Rap and comedy haven’t intersected much over the years. Outside of the occasional punchline, hip-hop hasn’t often welcomed the idea of being “funny.”

But the past two years have seen something of a hip-hop comedy explosion. One of the first to really get it right without coming off corny to either subset is Eliza Skinner, whose new show Turnt Up! returns to the UCB Theatre on Franklin tonight.

Along with being named one of Time Out Los Angeles' “Comedians to Watch in 2015,” Skinner is a heck of an MC as well. Originally from Richmond, Virginia, she moved to New York to pursue comedy after college.

“I’d been in a short-form [improv] group in college, and in New York, I’d been hired by a company who did short-form, but they had a musical section,” she explains. “I’d been trying to do that in college, but we didn’t know you could have a piano player or musicians on stage.”

Skinner saw the tension between musical improv and the rest of the improv community first hand. “Back then people thought that it was ‘easier’ and that audiences just like music, so it didn’t really count. They acted like it was cheating.”

Even in hip-hop’s home city, “rap improv” didn’t really exist. “Improv mostly came from Chicago, and in Chicago they mostly had piano players underscoring their shows. People started singing along, and then you had musical improv. But whenever people would rap, they were rapping to a piano, and that sounds terrible. It was really embarrassing and never really took off.”

After Freestyle Love Supreme, a group with a hip-hop and improv background, started to find an audience in the mid-2000s, member and acclaimed beatboxer Chris “Shockwave” Sullivan enthusiastically began pushing Skinner to create a hip-hop-centric show. Thus her first show, The Beatdown, was born. “That was the first hip-hop improv show in New York,” Skinner says. “Other groups came a few years later out of that, but we were the one.”

Having Sullivan provide a beatbox for comedians rap battling each other gave the show immediate hip-hop credibility. Originally at East Village’s Mo Pitkins, the shows quickly became packed, as both hip-hop and comedy fans (including Jimmy Fallon) came to see performers like Reggie Watts, Pete Holmes, “UTK” Utkarsh Ambudkar and Donald Glover, who grabbed the mic in some of his earliest Childish Gambino appearances.

Those early shows set themselves apart by taking performers out of their comfort zones. “I love how honestly nervous people get about it. People get kind of complacent into doing their act, and The Beatdown was not at all anyone’s act,” says Skinner.

After Mo Pitkins closed in 2007, the show moved New York’s Upright Citizens Brigade theater. Its success seemed to trump the criticisms from those who viewed musical improv unfavorably at the time. “A lot of the same people who were like ‘Music is dumb’ were like 'Rap is cool,’ and the people who said ‘Musical improv is cheating’ were like, ‘How can I get on this show?’”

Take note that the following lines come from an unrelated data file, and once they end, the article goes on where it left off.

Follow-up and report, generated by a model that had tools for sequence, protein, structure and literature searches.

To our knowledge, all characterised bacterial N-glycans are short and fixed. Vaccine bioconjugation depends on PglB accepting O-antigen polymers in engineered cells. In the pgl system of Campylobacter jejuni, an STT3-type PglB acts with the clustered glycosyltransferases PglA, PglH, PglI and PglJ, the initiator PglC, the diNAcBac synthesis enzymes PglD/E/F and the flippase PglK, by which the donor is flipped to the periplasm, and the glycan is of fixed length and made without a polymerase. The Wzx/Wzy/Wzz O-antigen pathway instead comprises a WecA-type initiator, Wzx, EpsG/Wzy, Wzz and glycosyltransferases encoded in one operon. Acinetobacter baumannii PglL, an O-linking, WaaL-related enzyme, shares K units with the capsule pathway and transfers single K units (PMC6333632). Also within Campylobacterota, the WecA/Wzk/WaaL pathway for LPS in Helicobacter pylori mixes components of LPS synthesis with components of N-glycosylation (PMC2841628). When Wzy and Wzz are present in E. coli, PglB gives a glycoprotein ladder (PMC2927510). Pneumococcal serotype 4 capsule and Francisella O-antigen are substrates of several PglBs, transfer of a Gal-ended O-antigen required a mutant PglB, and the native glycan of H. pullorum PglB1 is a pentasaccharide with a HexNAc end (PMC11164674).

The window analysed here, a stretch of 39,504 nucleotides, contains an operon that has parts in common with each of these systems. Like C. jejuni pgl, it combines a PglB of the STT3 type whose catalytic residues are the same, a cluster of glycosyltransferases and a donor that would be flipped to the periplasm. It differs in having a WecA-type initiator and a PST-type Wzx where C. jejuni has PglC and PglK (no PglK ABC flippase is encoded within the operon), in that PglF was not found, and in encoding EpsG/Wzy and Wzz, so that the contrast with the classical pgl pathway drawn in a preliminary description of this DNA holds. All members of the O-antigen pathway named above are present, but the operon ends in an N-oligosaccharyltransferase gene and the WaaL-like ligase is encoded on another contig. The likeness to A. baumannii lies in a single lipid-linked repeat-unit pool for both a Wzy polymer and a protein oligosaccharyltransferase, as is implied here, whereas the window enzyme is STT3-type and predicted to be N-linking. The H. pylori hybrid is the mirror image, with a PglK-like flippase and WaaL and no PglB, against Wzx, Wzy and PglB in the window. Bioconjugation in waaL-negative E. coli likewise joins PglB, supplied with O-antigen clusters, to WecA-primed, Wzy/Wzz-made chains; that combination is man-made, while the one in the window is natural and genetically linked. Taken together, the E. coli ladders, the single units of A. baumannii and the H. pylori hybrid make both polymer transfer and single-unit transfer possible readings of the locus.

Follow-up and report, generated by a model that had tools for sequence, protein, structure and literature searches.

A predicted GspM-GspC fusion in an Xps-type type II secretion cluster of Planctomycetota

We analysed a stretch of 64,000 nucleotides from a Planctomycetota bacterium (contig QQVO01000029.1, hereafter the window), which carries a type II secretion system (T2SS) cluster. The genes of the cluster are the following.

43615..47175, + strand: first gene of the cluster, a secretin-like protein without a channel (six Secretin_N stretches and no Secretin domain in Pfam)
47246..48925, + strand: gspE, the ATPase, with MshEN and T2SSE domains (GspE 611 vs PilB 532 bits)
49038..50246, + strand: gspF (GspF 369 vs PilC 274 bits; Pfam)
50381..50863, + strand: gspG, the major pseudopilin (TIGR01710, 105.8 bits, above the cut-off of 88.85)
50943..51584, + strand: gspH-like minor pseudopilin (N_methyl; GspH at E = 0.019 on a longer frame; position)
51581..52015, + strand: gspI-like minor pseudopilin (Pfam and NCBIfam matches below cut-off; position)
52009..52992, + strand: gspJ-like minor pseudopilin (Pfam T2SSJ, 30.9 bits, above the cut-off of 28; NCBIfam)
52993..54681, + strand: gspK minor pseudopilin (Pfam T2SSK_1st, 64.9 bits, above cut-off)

The show wound up attracting well-known rappers as well, but the unpredictable nature of improv comedy would often result in surprises. “MC Chris [did] the show and he would lose to someone who would know how to work the audience, like Michelle Collins,” Skinner recalls.

When early battles occasionally veered into meaner territory, Skinner began clarifying the differences between The Beatdown and a more traditional rap battle, “In other battles, you’re trying to insult each other, take each other down. In our show, it’s about being clever and funny and working with the audience.”

Skinner relocated to Los Angeles at the end of 2010, and now she and Sullivan continue to host different versions of the show on both coasts. Initially, she ran into some challenges in bringing The Beatdown out west. “It started getting a lot harder to get stand-ups or anybody who didn’t already think they were good at it to do it. There’s so many industry eyes out here, whereas in New York you feel like nobody’s paying attention to what you’re doing, so you can kind of screw around. There were also more rappers out here who wanted to get more involved.”

Sullivan and Skinner eventually agreed to change the names and format of both incarnations of The Beatdown. While New York’s was rechristened Battlicious, last December saw the debut of Skinner’s Turnt Up!.

Skinner also teaches musical improv classes at UCB, which use a lot of rap exercises. “It’s really good for rhythm and rhyming.”

Ten years after the first Beatdown show, Skinner has seen a change in the way new aspiring improvisers take to rapping. “At this point, [rap] is a fact in their lives. For people getting into improv now, as long as [they’ve seen] improv, there’s been my show, or shows like it, and [they] don’t even think to judge it. It just is, and there’s more people getting excited about it.”

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